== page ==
The largest independent robo-adviser is adding human advice to the automated technology it’s championed for years.

Share story

The largest independent robo-adviser is adding human advice to the automated technology it’s championed for years.

Betterment will begin offering recommendations from experts alongside its computer-driven service, which aims to build investment portfolios for a fraction of the fees charged by traditional brokers. The human touch will cost 50 basis points of clients’ assets for a “premium” plan allowing unlimited advice from financial planners, roughly double the charge for the company’s digital service.

The move marks an evolution for robo-advisers as they attempt to win high net worth individuals and compete against traditional asset managers. “Over the last couple of years, as our client base has gotten older and wealthier, we’ve had a call for handling more advanced situations,” said Alex Benke, Betterment’s head of financial advice and planning. “We’re meeting that need now with the ability to talk to a certified financial planning professional or another licensed expert.”

Betterment and other automated investment-service providers have seen substantial growth over the past two years as they’ve lured customers looking for low-cost advice. Established firms like Vanguard Group have elbowed in, offering low-fee automated plans to attract younger investors and maintain a huge lead in assets under management.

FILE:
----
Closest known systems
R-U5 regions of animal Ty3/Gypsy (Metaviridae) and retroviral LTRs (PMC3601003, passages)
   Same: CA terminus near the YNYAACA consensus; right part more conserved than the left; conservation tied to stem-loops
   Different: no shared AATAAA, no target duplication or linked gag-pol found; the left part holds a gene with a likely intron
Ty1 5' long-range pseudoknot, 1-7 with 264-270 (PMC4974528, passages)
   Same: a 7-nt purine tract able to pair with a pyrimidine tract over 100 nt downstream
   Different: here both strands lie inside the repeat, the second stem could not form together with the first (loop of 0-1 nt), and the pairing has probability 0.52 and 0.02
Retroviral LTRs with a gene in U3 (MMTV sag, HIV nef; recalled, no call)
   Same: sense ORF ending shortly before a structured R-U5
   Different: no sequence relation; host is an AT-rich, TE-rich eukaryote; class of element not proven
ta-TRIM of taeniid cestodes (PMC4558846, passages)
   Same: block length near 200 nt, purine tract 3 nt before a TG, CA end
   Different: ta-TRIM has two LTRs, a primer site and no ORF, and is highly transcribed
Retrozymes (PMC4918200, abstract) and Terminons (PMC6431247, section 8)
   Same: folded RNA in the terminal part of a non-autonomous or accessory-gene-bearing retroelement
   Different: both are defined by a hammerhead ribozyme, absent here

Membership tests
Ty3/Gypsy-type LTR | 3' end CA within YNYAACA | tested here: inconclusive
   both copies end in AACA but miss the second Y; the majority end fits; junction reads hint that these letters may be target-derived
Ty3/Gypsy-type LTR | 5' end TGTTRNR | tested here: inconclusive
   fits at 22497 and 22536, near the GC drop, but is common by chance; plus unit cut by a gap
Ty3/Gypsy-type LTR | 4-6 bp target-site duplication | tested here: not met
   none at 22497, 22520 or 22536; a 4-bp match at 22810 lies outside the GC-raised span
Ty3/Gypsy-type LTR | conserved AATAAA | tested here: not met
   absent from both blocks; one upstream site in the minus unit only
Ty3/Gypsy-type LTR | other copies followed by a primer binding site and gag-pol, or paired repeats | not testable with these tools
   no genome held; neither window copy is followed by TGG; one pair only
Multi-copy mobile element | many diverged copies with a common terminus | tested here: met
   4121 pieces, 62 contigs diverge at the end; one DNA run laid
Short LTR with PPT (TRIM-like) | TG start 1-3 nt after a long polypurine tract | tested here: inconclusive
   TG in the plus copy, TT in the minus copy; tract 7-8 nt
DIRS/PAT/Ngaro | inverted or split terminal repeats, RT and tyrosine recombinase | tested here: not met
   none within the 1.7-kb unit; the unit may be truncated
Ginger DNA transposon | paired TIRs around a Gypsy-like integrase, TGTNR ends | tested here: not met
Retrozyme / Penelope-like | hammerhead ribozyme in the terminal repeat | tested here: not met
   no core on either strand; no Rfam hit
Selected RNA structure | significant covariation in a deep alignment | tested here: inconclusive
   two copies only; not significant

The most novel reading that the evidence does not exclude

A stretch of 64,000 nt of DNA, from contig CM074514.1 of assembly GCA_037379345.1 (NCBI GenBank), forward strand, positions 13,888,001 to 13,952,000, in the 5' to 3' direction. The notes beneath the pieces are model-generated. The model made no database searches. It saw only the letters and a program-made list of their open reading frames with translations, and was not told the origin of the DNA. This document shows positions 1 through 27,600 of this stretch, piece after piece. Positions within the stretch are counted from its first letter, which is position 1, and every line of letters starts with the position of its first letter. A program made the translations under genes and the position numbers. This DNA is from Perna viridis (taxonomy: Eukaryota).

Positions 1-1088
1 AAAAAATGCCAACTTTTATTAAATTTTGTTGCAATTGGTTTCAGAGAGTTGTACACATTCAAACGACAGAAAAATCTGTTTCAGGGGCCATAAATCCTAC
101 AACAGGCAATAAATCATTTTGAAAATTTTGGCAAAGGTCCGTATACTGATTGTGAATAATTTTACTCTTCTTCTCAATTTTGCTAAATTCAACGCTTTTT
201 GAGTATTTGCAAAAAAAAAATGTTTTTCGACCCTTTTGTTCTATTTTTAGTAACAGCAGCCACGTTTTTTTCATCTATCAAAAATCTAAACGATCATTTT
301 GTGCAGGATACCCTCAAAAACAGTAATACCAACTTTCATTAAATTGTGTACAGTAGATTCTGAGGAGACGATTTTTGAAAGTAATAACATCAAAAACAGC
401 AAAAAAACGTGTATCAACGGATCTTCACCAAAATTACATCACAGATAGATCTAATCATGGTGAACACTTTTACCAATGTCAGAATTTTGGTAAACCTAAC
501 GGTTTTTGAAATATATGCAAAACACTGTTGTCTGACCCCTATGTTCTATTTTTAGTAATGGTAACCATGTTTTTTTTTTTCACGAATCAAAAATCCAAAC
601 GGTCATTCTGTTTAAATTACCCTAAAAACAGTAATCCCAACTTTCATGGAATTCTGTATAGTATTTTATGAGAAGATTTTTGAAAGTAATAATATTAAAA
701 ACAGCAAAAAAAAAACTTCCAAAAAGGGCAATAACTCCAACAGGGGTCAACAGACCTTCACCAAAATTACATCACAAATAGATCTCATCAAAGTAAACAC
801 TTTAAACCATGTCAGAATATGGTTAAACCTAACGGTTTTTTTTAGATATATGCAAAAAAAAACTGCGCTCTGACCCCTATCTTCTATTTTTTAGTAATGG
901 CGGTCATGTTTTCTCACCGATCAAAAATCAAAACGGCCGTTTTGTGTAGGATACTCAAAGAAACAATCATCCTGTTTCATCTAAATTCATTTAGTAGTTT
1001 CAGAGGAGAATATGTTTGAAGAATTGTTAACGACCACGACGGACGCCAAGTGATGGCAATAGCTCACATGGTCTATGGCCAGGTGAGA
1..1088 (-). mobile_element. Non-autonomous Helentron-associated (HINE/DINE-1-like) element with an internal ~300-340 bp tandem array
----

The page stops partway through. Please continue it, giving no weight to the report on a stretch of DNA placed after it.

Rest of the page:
Betterment’s announcement is part of a move to close that gap and boost fee income. While Betterment will maintain its $0 account minimum for digital-only customers, clients will need a minimum $100,000 in assets for a plan that costs 40 basis points and gives access to investment professionals once a year. The 50-basis point plan will provide unlimited access and require a $250,000 minimum balance. There is no fee charged on assets above $2 million.

Ritholtz Wealth Management CEO Josh Brown, said eventually all robo-advisers will see this convergence. “Automated allocation software is just a tool, employed by human firms, like email,” he said. “We won’t be drawing any distinction between advisers and robo-advisers in the end.”